When you requested to show you one which did not used them. Even though he wants an AC unit, I was trying to show him the principle with these refrigerators and the possibility of its implementation, which I believe for his needs and purpose, can be done by somehow converting one refrigerator like that. The OP clearly said he just wanted to lower the temp surrounding his computer area a few degrees.
"...If you think I'm dissing absorption refrigeration, guess what my first question was for this guy:..."
It seemed to me you were; but if you say so, then we agree on that one.

To be honest, I don't have a clear idea about what solution you are for: swamp coolers, OP's original design, absorption refrigeration, your sun powered compressor cooling system, cooling tower, PVs??. So many postings and experiments, got me confused, I admit it.
 
  • #73
TechFan said:
"...I just researched the cost of mirrored stainless steel. The sheet in their design costs roughly $300..."
These are hypothetical calculations
Everything is hypothetical, until you "do it".
which do not necessarily have to be what implementing the system can cost him. As a doer yourself, you know, individual cost depends and varies greatly depending on your ingenuity to recycle and reuse things like the old fan you've mentioned before.
It so far has cost me nothing, except for my time, to do these experiments.
Also, he just wants to lower the temp a few degrees in a certain area. Making a fully operational AC system is a pro's job costing a lot of money. I don't think he is trying to achieve that. Your are taking cost analysis to the extreme worst case scenario with this example.
From the sounds of it, he wants to lower the temperature a lot of degrees, in a significant volume.
"...Are you talking about the link in this post?..."
Yes, that one and the previous one.

The purpose of that link was to show you these systems do not use pumps, compressors or moving parts.
I pointed out that the device from your "previous" link does use pumps.
When you requested to show you one which did not used them. Even though he wants an AC unit, I was trying to show him the principle with these refrigerators and the possibility of its implementation, which I believe for his needs and purpose, can be done by somehow converting one refrigerator like that. The OP clearly said he just wanted to lower the temp surrounding his computer area a few degrees.
"...If you think I'm dissing absorption refrigeration, guess what my first question was for this guy:..."
It seemed to me you were; but if you say so, then we agree on that one.

To be honest, I don't have a clear idea about what solution you are for: swamp coolers, OP's original design, absorption refrigeration, your sun powered compressor cooling system, cooling tower, PVs??. So many postings and experiments, got me confused, I admit it.

It is quite confusing. But I just completed the calculations from my experiment from yesterday, and came up with a few conclusions:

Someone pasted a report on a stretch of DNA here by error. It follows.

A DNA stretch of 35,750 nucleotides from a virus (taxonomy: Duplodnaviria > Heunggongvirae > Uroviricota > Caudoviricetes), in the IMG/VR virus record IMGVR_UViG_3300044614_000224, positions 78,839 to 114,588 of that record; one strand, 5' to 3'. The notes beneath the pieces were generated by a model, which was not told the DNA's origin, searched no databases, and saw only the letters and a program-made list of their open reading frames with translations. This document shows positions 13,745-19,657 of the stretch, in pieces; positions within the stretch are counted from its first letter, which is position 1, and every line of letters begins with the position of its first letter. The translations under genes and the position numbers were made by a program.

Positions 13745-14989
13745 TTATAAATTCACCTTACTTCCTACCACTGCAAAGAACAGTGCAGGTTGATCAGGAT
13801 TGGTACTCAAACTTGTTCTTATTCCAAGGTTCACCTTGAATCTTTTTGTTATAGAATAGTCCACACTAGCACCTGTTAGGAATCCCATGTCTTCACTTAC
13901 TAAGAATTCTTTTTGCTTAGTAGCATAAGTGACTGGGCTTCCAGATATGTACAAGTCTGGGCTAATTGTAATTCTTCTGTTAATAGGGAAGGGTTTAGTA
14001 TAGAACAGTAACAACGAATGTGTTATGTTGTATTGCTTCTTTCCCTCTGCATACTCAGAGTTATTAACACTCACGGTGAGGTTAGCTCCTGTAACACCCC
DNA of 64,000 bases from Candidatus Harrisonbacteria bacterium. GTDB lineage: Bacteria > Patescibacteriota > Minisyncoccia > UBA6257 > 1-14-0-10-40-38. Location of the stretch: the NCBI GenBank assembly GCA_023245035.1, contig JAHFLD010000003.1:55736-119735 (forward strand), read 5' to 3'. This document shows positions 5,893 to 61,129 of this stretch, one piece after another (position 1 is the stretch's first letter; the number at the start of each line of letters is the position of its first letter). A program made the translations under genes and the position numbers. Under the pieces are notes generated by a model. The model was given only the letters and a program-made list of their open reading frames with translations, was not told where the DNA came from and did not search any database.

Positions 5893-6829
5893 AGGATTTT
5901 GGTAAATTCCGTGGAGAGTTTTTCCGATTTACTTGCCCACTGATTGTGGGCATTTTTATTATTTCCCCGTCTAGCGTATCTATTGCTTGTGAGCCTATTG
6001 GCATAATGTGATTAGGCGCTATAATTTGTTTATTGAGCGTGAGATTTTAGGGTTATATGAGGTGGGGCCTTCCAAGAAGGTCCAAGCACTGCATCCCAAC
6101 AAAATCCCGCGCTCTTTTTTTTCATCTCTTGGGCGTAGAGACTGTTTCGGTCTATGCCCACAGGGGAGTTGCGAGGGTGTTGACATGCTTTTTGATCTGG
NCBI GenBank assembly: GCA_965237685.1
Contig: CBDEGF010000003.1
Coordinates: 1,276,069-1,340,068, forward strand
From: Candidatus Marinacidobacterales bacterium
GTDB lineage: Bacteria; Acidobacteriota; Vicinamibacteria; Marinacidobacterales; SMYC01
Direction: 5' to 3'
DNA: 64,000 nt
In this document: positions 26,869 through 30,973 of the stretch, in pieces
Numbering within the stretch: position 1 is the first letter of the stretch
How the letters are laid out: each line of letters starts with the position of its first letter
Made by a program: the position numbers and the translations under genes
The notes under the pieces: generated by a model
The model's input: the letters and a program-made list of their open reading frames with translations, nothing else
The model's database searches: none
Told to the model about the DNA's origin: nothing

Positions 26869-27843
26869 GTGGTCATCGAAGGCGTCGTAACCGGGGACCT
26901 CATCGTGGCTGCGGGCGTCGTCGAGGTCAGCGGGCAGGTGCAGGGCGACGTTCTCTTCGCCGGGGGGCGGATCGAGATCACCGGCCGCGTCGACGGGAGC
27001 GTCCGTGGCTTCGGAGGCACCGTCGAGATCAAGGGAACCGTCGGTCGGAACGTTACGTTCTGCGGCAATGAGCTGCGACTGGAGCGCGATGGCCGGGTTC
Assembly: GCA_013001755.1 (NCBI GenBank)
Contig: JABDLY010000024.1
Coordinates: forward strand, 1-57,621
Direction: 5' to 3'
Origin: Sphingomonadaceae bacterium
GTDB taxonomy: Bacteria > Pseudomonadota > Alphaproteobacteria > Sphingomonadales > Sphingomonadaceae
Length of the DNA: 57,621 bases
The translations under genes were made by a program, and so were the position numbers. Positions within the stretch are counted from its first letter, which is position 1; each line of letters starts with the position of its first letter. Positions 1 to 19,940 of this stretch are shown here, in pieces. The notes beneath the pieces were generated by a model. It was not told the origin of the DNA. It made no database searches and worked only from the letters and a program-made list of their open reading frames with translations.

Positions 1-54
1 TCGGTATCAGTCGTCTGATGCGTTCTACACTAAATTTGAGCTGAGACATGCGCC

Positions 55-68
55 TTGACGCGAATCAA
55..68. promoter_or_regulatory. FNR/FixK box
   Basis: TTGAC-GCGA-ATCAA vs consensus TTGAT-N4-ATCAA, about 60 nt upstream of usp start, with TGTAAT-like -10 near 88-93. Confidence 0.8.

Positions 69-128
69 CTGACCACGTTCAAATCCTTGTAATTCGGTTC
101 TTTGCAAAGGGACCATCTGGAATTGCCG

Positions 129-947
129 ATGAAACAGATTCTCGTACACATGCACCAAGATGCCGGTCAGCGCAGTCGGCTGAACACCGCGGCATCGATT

mfb was more correct than he probably knows:

mfb said:
Houses are not a single object with perfect internal heat conductivity - different parts of the house will react at different speeds to outside air temperatures. Air temperature can change quickly (opening a window for a minute is sufficient to change it significantly in this room), but most of the heat capacity is in the walls, floors and other solid objects and reacts way slower.

I had 9 temperature sensors, took readings on average every 51 minutes, and everything came out wrong. From the data, my house should have cooled down by a degree, but the temperature rose by 3.5°F.

The experiment started at 9:15 am, and concluded at 3:10 pm. (I got somewhat bored, and nothing was turning out as expected, except for my tree. She came through with flying colors.)

Temperature changes were as follows:
1.5 Crawl Space (62-63.5)
3.5 Inside my house (69.1-72.6)
10.1 Ambient outside temperature (68.3-78.3)
12.9 At the base of my 60 ft tall big leaf maple tree (65.0-78.0)
14.6 South facing exterior (70.7-85.3)
26.6 East facing exterior (66.2-92.8)
55.6 Attic (63.5-119.2)

As mfb stated; "different parts of the house will react at different speeds".

The crawl space and attic, exchange heat with the inside of the house via natural convection, conductivity, and perhaps via radiation. The outside of the house has to deal with forced convection and conductivity. (There was a light breeze all day)

The tree as I mentioned, provided the most interesting number. It was 5°F cooler at the base of the tree vs ambient temperature. Proof that evaporative cooling works. Had there been no breeze, the number may have been higher.

I should mention that my calculated heat capacity and sum R-value was derived from data collected during the winter months, as there is so little effect from the sun at that time of year, I really didn't have to worry about it.

My conclusion is that a massive heat sink, aka the crawl space, would be the cheapest and most affordable means of cooling a space.

A 55 gallon water filled insulated drum, chilled via a pair of heat exchangers during the cold nights, might also be a viable solution, depending on the night-time temperatures.


--------------------------
ps. My cooling tower of doom, although quite unimpressive to look at, was a bit of a waste of time. Mainly though because it kept drying out between readings. I simply can't sit for 6 hours waiting for a towel to dry... (Maximum cooling effect: 2.2 °F, 40" tall, 8" average radius.) But then again...